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What is Psychology?

Psychology is the study of the mind and behavior. The discipline embraces all aspects of the human experience – from the functions of the brain to the actions of neurons, from child development to care for the aged. In every conceivable setting from scientific research centers to mental health care services, “the understanding of behavior” is the enterprise of psychologists.

Is Psychology a Science?

Yes. Psychology is sometimes considered a natural science and sometimes a social science. Psychological scientists form hypotheses, collect data, and test hypotheses through experiments, quasi-experiments, and correlational studies. There are many areas of psychology, such as clinical, cognitive, developmental, and affective, that can be studied through a neuroscientific, biological, or behavioral lens. Psychology also includes the scientific study of what therapies work to help those who are experiencing struggles related to thoughts, emotions, memories, learning, and relating to others and how to effectively apply these therapies. If you are interested in neuroscience, emotions, thoughts, memories, learning, social interactions, beliefs, cognitive development, psychological disorders, or therapy, psychology is for you!

Why Study Psychology?

An undergraduate major in psychology offers a student preparation for a wide variety of careers. Many majors find psychology to be an excellent preparation for such service-oriented professions as social work, counseling and guidance, special education, and management. Those who pursue graduate work in one of the many fields of psychology often seek positions in teaching and research or applied human services. In addition, the study of psychology provides a knowledge and an understanding of behavior that has applications in other professions as well, including nursing, medicine, law, teaching, business, and public relations.

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Undergraduate Psychology News and Highlights

Grover C. Gilmore retires after 20 years as Mandel School dean and 46 years at CWRU

When Grover “Cleve” Gilmore agreed to lead the Jack, Joseph and Morton Mandel School of Applied Social Sciences in 2002, his appointment was intended to last only a year. Now, after a 20-year tenure as dean of the highly ranked social work school, he will retire June 30. Gilmore’s leadership...

New course addition! PSCL 333: Early Intervention I: Theories and Practice

Are you interested in making a difference in young children's lives?  PSCL 333: Early Intervention I: Theories and Practice (Wednesdays, 8-10:30am) is an exciting newly cross-listed course in the Department of Psychological Sciences offered during Fall 2021. In this seminar-based class, undergraduate students will have an opportunity to learn alongside...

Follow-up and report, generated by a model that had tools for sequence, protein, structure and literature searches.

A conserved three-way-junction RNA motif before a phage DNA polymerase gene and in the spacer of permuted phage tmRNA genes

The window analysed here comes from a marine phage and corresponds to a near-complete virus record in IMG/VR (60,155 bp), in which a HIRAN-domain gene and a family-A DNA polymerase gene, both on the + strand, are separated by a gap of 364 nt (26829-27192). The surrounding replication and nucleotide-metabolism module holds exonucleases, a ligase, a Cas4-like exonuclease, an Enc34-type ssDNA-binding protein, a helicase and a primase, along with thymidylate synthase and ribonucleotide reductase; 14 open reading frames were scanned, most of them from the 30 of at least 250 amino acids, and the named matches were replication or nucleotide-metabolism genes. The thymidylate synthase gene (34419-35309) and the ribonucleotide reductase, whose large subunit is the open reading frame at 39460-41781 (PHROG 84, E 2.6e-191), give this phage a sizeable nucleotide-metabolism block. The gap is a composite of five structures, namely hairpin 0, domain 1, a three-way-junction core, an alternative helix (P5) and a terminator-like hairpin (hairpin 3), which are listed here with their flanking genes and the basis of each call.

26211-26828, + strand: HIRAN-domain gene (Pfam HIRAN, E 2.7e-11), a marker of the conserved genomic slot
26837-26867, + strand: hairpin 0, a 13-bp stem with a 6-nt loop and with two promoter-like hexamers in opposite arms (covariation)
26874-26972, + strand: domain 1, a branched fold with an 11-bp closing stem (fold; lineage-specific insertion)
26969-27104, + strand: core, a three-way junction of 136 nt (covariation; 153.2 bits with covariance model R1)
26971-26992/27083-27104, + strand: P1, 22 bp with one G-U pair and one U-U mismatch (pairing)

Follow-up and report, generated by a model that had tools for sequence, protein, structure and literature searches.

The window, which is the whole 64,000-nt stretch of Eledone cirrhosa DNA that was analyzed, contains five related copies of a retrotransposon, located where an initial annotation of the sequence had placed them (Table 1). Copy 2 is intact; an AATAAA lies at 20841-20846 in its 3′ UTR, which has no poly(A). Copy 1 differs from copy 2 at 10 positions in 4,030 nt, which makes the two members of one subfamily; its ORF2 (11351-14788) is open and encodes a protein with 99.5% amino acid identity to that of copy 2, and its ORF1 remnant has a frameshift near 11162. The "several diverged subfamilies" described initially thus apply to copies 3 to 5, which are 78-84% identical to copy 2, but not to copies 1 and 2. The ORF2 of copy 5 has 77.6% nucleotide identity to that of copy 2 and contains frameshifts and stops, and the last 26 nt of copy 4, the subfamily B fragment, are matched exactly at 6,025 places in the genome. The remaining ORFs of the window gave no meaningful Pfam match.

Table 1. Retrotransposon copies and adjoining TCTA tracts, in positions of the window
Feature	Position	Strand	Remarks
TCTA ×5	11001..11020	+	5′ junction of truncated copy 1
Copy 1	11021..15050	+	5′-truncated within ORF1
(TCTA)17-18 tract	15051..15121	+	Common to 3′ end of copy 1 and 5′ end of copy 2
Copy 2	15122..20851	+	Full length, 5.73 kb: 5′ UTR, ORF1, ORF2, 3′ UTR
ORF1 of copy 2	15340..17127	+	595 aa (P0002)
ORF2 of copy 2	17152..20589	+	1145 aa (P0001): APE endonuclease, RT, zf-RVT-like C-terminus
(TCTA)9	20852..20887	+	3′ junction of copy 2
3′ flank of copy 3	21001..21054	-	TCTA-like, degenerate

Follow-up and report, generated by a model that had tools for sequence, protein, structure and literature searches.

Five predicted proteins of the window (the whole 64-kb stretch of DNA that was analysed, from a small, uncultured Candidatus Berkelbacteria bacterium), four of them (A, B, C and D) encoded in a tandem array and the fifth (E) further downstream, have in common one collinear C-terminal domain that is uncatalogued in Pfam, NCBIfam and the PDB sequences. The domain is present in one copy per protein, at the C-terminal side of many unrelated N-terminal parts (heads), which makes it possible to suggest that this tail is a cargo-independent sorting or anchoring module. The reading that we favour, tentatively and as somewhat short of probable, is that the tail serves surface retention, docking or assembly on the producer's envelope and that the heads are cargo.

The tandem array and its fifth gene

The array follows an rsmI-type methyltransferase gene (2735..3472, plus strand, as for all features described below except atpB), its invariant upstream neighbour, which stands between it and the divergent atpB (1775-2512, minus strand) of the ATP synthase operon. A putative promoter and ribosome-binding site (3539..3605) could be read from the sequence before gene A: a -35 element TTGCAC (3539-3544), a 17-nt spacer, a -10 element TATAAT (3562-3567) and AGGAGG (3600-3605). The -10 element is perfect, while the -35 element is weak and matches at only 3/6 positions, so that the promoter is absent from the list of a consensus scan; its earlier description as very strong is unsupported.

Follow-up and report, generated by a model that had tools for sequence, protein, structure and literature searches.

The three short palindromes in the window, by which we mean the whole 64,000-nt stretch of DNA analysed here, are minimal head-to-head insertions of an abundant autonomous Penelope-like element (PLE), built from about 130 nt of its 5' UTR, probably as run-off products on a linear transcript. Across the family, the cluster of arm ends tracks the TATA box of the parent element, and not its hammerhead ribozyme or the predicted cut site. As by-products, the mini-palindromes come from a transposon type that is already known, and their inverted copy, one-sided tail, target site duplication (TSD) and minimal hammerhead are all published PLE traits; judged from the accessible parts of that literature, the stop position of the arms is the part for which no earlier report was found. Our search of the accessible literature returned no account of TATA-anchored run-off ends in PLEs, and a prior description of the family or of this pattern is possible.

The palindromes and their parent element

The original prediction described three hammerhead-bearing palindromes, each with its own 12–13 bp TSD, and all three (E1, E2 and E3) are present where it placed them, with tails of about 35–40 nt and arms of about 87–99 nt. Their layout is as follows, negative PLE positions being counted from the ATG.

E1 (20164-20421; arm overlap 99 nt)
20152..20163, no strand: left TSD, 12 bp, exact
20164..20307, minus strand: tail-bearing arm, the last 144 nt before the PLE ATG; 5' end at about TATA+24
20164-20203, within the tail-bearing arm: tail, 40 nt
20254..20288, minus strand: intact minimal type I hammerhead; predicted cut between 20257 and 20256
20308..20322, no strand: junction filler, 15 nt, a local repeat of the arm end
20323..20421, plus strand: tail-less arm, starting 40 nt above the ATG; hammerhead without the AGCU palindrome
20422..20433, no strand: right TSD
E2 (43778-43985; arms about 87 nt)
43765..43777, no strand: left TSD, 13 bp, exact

10 myths about the mind

Psychology Today: Brooke Macnamara, an associate professor in the Department of Psychological Sciences at the College of Arts and Sciences, discussed her research examining more than 80 studies of performance across domains—including sports, music and education—which found that deliberate practice accounted for at most about a quarter of performance...

Congratulations to PSSC undergad winners of the spring 2021 Schubert@Intersections research competition!

The Schubert Center has selected the winners of the spring 2021 Schubert@Intersections research competition, which recognizes undergraduate projects focused on children and adolescents. The following PSSC students were recognized for their research: First place: Anna Marie Giubileo for “ACEs & Adulthood: How Adverse Childhood Experiences Impact Individuals Later in Life” ...

You don’t need ‘natural talent’ to be good at something says Brooke Macnamara

Medium: Brooke Macnamara, an associate professor in the Department of Psychological Sciences at the College of Arts and Sciences, is cited for her research into the extent that practice of activities contributes to excellence and expertise. Read the article here: https://medium.com/moments-matter/you-dont-need-natural-talent-to-be-good-at-something-51e9165e04ac  

How to find a mental health therapist who’s affordable, nearby and a good fit for you: Coping through COVID

The Case Western Reserve Psychology Clinic at the College of Arts and Sciences was highlighted regarding services available to Northeast Ohioans for coping with stress caused by the coronavirus pandemic. Read the entire article here: https://www.cleveland.com/coronavirus/2021/01/how-to-find-a-mental-health-therapist-whos-affordable-nearby-and-a-good-fit-for-you-coping-through-covid.html  

Research Participants Needed: Experiences of Trans*, Gender Fluid, Genderqueer, and Gender Non-Conforming Adults

Researchers at Case Western Reserve University are conducting an online study of the experiences of transgender, gender non-binary, genderqueer, gender nonconforming, and gender fluid adults. The study involves completing online questionnaires about your experiences and emotions. In order to complete it, you must be at least 18 years of...

Your child may mention COVID-19 during playtime. Experts say that’s OK

Deseret News: Sandra Russ, Distinguished University Professor and the Louis D. Beaumont University Professor in the Department of Psychological Sciences at the College of Arts and Sciences, said that incorporating COVID-19 into children’s playtime can actually be beneficial—as a healthy way for young ones to cope with the pandemic. Read...

Graduate Student Silvia Hernandez quoted in New York Times

Finding Hope When Things Feel Gloomy In analyzing dozens of studies on brief hope interventions in older adults, Silvia Hernandez, a doctoral candidate at Case Western Reserve University in Cleveland, said cognitive behavioral therapies can significantly improve hope in people struggling with depression, health and bereavement. “We know that if...